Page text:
M’sia Reportedly Reopening Its Borders in Nov & S’pore Could be the ‘First’


As we continue to progress with the COVID-19 pandemic, more and more countries are opening up their borders just like Singapore with the establishment of the Vaccinated Travel Lanes (VTLs) to countries that have a low risk of COVID-19 transmission.

According to CNBCMalaysia is looking to reopen its borders soon to allow international tourists to visit the country.

How soon?

As soon as November. 

And guess what?

It seems like Singapore could be one of the first countries to be extended this courtesy to enter the country.

M’sia Reportedly Reopening Its Borders in Nov & S’pore Could be the ‘First’

Malaysia’s Minister of Tourism, Arts and Culture, Nancy Shukri, shared that she will be meeting Singapore officials to talk in more detail about resuming cross-border travel between the two neighbouring countries next week, and she is quite confident that cross-border travel will resume by November.

While the Singapore government hasn’t made any comments regarding this meeting, we do know that Singapore categorises countries and regions by the risk of COVID-19 transmission, and determines the border measures based on this risk.

As of now, Malaysia is categorised under category IV, which is for countries that are considered to have the highest transmission risk.

This is also due to the fact that Malaysia has experienced a sharp increase in COVID-19 infections this year, with their daily numbers hitting more than 24,000. Thankfully, as more citizens got vaccinated over the year, the number of positive cases has also decreased drastically in the last few weeks.

Malaysia’s Current Border Measures

The current situation is such that only Malaysian citizens working in Singapore, and Singapore citizens working in Malaysia can travel between the two countries.

\This is done under a bilateral arrangement called the Periodic Commuting Arrangement, which is only granted to an individual when they meet the proposed requirements.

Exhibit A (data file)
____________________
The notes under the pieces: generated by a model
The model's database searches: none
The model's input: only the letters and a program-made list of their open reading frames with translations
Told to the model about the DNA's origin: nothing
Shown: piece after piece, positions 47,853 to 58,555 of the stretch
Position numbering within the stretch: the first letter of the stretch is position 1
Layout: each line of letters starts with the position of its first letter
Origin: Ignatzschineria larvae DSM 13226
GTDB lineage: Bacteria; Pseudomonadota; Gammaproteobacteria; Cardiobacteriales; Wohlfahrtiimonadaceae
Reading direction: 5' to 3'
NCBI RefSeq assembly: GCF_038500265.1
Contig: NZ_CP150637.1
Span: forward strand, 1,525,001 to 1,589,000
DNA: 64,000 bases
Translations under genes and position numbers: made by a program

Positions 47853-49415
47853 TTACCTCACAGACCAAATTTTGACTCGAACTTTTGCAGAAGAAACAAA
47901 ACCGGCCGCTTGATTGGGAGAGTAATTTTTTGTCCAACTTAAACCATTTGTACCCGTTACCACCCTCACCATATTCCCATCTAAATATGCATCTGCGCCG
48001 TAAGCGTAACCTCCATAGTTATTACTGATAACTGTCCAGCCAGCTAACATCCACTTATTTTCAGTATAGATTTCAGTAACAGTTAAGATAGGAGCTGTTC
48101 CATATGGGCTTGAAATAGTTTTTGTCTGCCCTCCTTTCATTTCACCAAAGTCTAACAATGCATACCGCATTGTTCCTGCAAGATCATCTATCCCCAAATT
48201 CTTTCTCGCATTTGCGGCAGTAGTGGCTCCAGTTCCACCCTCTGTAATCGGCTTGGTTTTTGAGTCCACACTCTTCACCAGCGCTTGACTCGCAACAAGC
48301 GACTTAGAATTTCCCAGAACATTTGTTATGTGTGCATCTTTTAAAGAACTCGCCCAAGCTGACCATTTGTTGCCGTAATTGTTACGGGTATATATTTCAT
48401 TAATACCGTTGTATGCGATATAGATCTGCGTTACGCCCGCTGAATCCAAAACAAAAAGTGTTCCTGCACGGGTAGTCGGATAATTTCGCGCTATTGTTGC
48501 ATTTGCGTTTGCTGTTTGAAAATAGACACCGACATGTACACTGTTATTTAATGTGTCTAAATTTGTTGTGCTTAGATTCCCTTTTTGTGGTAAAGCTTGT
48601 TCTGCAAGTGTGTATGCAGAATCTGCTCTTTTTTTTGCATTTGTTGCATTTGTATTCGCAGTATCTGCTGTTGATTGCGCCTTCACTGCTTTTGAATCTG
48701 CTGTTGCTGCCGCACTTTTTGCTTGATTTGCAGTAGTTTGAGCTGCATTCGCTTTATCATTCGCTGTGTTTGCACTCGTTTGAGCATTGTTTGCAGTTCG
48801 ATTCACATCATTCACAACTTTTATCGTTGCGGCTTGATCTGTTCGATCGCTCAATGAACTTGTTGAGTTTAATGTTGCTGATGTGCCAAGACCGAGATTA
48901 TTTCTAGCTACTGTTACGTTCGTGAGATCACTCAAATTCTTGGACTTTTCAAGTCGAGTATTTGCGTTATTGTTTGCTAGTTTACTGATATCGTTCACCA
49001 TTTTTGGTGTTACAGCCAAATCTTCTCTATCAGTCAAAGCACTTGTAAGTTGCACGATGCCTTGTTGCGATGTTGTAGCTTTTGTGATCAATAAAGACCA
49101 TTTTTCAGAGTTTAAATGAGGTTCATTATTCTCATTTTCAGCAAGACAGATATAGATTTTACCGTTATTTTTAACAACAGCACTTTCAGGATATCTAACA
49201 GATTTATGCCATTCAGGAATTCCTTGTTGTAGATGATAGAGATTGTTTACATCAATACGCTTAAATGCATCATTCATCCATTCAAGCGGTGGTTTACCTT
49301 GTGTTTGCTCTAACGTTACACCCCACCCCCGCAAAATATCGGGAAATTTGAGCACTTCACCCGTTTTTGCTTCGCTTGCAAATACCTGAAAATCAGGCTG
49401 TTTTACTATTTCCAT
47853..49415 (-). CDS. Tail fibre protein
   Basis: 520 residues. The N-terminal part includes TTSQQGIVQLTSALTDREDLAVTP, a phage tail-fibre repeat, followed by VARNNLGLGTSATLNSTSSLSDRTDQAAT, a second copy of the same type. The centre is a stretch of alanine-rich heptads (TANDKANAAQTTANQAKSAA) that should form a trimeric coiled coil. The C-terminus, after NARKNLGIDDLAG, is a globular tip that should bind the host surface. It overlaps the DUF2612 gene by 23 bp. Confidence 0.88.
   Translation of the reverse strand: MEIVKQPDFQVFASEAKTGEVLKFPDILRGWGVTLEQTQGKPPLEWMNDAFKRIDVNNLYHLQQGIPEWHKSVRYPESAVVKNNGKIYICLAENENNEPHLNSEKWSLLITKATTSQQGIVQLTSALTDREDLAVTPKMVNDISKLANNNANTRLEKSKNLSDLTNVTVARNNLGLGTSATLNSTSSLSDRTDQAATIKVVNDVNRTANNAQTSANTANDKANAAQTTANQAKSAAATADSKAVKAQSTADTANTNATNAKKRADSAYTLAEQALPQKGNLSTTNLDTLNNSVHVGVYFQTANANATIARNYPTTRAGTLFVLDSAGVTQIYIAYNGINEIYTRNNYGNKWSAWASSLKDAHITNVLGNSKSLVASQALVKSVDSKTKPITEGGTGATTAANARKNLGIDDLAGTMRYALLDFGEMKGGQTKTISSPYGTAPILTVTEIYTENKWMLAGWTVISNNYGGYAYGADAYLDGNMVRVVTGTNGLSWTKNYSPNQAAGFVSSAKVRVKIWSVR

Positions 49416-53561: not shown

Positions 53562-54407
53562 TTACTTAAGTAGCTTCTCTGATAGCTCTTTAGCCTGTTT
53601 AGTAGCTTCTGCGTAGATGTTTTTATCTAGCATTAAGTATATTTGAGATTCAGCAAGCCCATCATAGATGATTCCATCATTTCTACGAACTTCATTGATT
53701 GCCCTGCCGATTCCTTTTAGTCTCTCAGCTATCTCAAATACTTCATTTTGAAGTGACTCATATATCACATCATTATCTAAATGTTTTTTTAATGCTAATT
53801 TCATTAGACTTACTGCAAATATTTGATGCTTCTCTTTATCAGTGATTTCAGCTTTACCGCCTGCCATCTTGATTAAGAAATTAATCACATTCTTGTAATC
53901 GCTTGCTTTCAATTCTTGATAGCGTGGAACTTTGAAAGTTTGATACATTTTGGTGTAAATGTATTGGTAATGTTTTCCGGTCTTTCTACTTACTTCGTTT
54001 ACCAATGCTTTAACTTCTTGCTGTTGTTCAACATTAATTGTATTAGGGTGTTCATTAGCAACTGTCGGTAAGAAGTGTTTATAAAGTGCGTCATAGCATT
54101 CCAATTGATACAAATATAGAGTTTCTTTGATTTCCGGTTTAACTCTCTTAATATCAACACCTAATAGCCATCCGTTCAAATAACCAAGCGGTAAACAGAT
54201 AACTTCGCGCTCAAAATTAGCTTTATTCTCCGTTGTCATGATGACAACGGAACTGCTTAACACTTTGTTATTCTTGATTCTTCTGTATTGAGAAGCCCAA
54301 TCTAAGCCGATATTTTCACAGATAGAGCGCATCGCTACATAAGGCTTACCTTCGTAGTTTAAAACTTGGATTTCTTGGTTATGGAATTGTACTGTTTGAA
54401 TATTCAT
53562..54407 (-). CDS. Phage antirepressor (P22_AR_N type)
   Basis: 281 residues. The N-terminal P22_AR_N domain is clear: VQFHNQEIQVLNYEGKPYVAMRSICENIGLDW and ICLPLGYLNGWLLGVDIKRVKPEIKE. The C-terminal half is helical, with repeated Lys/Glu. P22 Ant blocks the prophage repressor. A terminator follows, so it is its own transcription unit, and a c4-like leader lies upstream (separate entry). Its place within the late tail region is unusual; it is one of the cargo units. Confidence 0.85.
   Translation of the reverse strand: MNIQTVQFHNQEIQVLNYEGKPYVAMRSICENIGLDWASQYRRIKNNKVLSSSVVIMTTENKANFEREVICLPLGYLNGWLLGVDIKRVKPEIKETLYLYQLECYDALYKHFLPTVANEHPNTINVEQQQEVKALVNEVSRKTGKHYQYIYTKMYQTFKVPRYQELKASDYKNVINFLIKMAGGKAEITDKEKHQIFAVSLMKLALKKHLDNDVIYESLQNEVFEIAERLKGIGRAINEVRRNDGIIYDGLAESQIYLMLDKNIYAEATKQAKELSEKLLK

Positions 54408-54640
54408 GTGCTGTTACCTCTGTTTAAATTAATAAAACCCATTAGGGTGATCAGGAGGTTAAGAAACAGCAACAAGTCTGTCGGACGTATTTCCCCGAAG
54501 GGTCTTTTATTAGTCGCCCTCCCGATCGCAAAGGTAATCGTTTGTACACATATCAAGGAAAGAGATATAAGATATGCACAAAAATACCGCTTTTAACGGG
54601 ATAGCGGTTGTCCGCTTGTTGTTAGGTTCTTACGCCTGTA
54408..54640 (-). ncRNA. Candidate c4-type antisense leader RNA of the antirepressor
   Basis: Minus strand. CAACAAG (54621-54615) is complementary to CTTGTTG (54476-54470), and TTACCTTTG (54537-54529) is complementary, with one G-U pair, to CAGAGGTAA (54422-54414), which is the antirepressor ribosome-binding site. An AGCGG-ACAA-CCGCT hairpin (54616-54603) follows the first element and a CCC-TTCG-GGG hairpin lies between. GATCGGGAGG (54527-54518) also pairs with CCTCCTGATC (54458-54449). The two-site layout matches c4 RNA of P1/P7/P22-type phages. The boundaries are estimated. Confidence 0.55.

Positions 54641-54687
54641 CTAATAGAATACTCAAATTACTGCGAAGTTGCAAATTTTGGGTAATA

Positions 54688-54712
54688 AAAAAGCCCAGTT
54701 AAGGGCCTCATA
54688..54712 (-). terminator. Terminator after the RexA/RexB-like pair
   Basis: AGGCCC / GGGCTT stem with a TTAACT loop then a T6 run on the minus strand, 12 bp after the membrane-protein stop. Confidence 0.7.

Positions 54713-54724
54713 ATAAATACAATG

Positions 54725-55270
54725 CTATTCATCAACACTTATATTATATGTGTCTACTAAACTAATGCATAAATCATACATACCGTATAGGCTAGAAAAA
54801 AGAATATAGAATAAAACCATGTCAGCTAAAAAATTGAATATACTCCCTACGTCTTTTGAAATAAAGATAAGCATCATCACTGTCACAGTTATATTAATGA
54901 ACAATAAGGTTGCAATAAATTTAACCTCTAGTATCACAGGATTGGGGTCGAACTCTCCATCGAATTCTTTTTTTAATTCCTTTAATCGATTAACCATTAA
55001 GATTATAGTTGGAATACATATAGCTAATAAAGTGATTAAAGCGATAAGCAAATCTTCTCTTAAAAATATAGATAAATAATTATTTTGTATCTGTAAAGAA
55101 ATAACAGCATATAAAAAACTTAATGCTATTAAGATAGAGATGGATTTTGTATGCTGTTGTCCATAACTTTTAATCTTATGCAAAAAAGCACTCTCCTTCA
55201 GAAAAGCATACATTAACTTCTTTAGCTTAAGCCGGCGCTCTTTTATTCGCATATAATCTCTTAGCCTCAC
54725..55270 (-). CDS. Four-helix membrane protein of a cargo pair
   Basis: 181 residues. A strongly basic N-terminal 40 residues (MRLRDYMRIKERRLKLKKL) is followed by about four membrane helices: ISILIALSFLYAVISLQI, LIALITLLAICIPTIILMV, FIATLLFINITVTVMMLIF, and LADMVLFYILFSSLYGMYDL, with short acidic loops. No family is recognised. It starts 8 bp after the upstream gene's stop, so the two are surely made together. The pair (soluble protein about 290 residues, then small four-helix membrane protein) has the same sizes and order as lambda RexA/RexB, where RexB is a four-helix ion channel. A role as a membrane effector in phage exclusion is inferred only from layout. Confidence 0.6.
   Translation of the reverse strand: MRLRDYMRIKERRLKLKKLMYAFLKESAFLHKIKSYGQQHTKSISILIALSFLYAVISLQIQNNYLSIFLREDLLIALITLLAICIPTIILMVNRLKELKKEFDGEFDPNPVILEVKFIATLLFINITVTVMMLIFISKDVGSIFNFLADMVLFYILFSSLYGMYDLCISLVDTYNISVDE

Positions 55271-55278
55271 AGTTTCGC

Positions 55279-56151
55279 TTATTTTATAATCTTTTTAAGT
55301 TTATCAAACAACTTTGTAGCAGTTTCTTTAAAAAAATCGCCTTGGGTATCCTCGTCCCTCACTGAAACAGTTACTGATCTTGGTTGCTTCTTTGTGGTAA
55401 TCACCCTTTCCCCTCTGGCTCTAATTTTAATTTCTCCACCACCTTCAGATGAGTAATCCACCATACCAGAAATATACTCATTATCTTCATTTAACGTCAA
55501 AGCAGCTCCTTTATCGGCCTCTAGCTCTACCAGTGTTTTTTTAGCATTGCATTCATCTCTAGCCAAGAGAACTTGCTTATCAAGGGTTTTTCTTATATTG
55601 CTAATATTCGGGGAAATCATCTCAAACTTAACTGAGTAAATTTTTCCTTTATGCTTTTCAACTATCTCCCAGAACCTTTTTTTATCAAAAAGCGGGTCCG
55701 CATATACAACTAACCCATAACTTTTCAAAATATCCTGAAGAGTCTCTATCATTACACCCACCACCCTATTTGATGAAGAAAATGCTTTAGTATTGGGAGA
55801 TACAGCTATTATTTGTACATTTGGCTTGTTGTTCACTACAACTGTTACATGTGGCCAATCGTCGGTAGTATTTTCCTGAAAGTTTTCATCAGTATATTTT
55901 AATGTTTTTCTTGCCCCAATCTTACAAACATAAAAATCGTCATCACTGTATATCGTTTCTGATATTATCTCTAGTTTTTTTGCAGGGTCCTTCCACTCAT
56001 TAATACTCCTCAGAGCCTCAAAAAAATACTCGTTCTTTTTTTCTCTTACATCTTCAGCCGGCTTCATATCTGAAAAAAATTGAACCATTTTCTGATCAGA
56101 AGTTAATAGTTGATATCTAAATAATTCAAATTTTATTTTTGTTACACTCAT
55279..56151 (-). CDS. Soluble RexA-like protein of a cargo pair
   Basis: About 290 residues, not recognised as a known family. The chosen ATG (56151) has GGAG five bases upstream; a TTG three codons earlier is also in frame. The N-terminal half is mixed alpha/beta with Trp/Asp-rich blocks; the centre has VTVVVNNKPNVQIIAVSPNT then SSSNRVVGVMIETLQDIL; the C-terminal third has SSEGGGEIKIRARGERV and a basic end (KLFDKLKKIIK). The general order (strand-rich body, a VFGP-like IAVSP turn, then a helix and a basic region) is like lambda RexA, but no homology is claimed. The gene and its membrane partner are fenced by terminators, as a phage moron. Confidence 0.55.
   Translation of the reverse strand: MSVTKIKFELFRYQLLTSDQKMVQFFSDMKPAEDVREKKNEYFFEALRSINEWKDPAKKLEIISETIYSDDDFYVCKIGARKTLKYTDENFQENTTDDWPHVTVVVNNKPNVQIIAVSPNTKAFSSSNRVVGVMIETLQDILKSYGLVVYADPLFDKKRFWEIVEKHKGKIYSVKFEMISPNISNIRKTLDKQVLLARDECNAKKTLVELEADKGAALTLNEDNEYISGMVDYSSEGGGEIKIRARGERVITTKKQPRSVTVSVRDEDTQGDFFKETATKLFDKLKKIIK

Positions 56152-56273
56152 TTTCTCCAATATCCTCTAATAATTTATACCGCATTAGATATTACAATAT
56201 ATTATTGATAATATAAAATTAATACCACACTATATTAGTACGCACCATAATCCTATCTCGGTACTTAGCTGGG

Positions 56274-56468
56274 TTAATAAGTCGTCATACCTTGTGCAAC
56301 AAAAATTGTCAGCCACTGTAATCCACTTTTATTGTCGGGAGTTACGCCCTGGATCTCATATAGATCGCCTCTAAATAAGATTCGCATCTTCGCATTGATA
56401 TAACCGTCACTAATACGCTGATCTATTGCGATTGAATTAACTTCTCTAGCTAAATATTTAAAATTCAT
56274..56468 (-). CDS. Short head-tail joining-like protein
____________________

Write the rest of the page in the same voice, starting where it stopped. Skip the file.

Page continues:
Malaysian citizens, those possessing diplomatic passports, and those who have got permission from immigration authorities are also allowed to enter Malaysia.

However, those who are fully vaccinated would have to be quarantined for seven days upon arrival, while those who are partially or not vaccinated would have to be quarantined for 10 days.

Malaysia’s Plan to Move Forward

Seeing that many countries are starting to ease their border restrictions, Ms Shukri said that she also hopes that Malaysia can do the same.

She said, “We are observing what other countries are doing and see where we can fit in, try to make sure that we are not left behind.”


Of course, this doesn’t mean that Malaysia’s citizens should let their guard down and resume all normal activities. Ms Shukri urges everyone to still remain cautious as the pandemic is still ongoing. She also revealed that the Malaysian authorities are in the midst of planning a new set of measures including quarantine rules so that the reopening of borders can be done smoothly.

In her plan, Ms Shukri also added that she has proposed for the island resort of Langkawi to open its borders to fully vaccinated international visitors, hopefully by next month. This is a step-up from the current situation where only vaccinated domestic visitors are allowed into the island resort.

However, she is still awaiting the approval of the Government for this reopening.

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